Dry eye syndrome is a chronic lack of sufficient lubrication and moisture in the eye. Its consequences extend from subtle but constant irritation to ocular inflammation of the anterior (front) tissues of the eye. It is particularly bothersome for wearers of contact lenses.
Tears bathe the eye, washing out dust and debris and keeping the eye moist. They also contain enzymes that neutralize the microorganisms that colonize the eye. Sometimes the eye doesn't produce enough tears, or the tears have a chemical composition that causes them to evaporate too quickly.
Dry eye syndrome has several causes. It occurs as a part of the natural aging process; as a side effect of such medications as antihistamines, antidepressants and birth control pills; or because you live in a dry, dusty or windy climate. Dry eyes are also a symptom of systemic diseases such as lupus, rheumatoid arthritis or Sjogren's syndrome (a triad of dry eyes, dry mouth, and rheumatoid arthritis or lupus).
Long-term contact lens wear is another cause; in fact, dry eye is the most common complaint among contact lens wearers. Recent research indicates that contact lens wear and dry eyes can be a vicious cycle. Dry eye syndrome makes contact lenses feel uncomfortable, yet the rubbing of the lenses against the conjunctiva seems to be a cause of dry eyes, according to a report in the January 2001 Contact Lens Academy of Optometry Journal.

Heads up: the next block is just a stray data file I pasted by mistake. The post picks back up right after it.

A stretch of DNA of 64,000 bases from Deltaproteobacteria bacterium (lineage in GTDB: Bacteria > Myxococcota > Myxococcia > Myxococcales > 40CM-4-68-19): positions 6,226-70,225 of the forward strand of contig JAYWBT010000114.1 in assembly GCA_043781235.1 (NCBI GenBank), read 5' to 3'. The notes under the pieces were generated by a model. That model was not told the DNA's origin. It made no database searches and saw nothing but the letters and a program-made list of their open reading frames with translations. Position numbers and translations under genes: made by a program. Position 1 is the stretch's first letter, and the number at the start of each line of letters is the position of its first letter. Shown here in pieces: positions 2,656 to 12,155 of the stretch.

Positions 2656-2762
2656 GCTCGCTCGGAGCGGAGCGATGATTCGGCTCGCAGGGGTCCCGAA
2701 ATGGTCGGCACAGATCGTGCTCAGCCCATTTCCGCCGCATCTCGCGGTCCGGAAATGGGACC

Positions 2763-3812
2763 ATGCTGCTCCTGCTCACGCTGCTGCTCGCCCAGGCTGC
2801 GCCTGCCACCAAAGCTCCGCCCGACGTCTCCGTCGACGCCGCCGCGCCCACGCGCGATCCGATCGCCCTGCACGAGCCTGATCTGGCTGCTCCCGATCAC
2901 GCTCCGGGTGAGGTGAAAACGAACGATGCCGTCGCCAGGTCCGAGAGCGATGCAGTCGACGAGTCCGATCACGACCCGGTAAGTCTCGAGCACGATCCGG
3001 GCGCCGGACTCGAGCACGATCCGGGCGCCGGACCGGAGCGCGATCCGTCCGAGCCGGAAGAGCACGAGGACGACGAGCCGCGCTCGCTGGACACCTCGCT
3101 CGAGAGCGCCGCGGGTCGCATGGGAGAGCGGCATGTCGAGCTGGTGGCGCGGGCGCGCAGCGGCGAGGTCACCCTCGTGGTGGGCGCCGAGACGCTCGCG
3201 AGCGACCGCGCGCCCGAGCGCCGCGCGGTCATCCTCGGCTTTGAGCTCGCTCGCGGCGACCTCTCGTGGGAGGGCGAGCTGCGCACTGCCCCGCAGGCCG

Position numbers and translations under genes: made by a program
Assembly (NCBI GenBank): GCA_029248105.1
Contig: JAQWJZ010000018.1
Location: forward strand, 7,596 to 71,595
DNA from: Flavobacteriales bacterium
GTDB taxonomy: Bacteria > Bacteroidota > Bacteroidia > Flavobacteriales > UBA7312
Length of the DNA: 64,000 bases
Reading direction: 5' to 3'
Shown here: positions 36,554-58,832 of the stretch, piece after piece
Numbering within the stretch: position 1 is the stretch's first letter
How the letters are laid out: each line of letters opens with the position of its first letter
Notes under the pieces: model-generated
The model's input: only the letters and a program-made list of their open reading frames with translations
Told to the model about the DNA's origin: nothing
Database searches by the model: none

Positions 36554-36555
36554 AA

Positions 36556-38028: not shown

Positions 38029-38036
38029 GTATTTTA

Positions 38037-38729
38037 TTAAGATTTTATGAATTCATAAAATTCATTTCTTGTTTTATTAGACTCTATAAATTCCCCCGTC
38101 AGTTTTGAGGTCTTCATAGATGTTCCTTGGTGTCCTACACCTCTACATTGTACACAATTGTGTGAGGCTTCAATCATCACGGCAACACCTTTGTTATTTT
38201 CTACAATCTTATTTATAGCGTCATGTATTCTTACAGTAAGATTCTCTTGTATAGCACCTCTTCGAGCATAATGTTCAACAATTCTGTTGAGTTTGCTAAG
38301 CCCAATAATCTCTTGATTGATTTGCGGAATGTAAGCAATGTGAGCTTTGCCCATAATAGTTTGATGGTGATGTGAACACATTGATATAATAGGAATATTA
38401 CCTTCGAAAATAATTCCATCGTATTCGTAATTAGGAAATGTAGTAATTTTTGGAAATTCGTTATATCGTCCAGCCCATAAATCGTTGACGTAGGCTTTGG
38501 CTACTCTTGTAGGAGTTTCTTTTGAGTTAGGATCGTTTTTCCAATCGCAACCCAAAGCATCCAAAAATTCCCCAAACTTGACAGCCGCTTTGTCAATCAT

Incomplete closure of the eyelids, eyelid disease and a deficiency of the tear-producing glands are other causes. Dry eye syndrome is more common in women, possibly due to hormone fluctuations. Recent research suggests that smoking and taking multivitamins can increase your risk of dry eye syndrome.
Dry eye syndrome is an ongoing condition that cannot be cured, but the accompanying dryness, scratching and burning can be managed. Your eye docotr may prescribe artificial tears, lubricating eyedrops that may alleviate the dry, scratching feeling.
Sometimes too much moisture drains out of the eye through the lacrimal (tear) ducts. Temporary or permanent plugs in the lacrimal ducts usually solve this problem very well, though sometimes the ducts need surgical blockage.
If medications are the cause of dry eye syndrome, discontinuing the drug generally resolves the dry eye. In this case, the benefits of the drug must be weighed against the side effect of dry eye syndrome. Sometimes switching to a different type of medication alleviates the dry eye symptoms while keeping the needed treatment. Treating the underlying eyelid disease helps as well. This may call for antibiotic or steroid drops plus frequent eyelid scrubs with an antibacterial shampoo.
Many different therapies have been proven to help. Make your appointment today to see which one is best for you, or attend our Dry Eye Seminar to learn more about Dry Eye.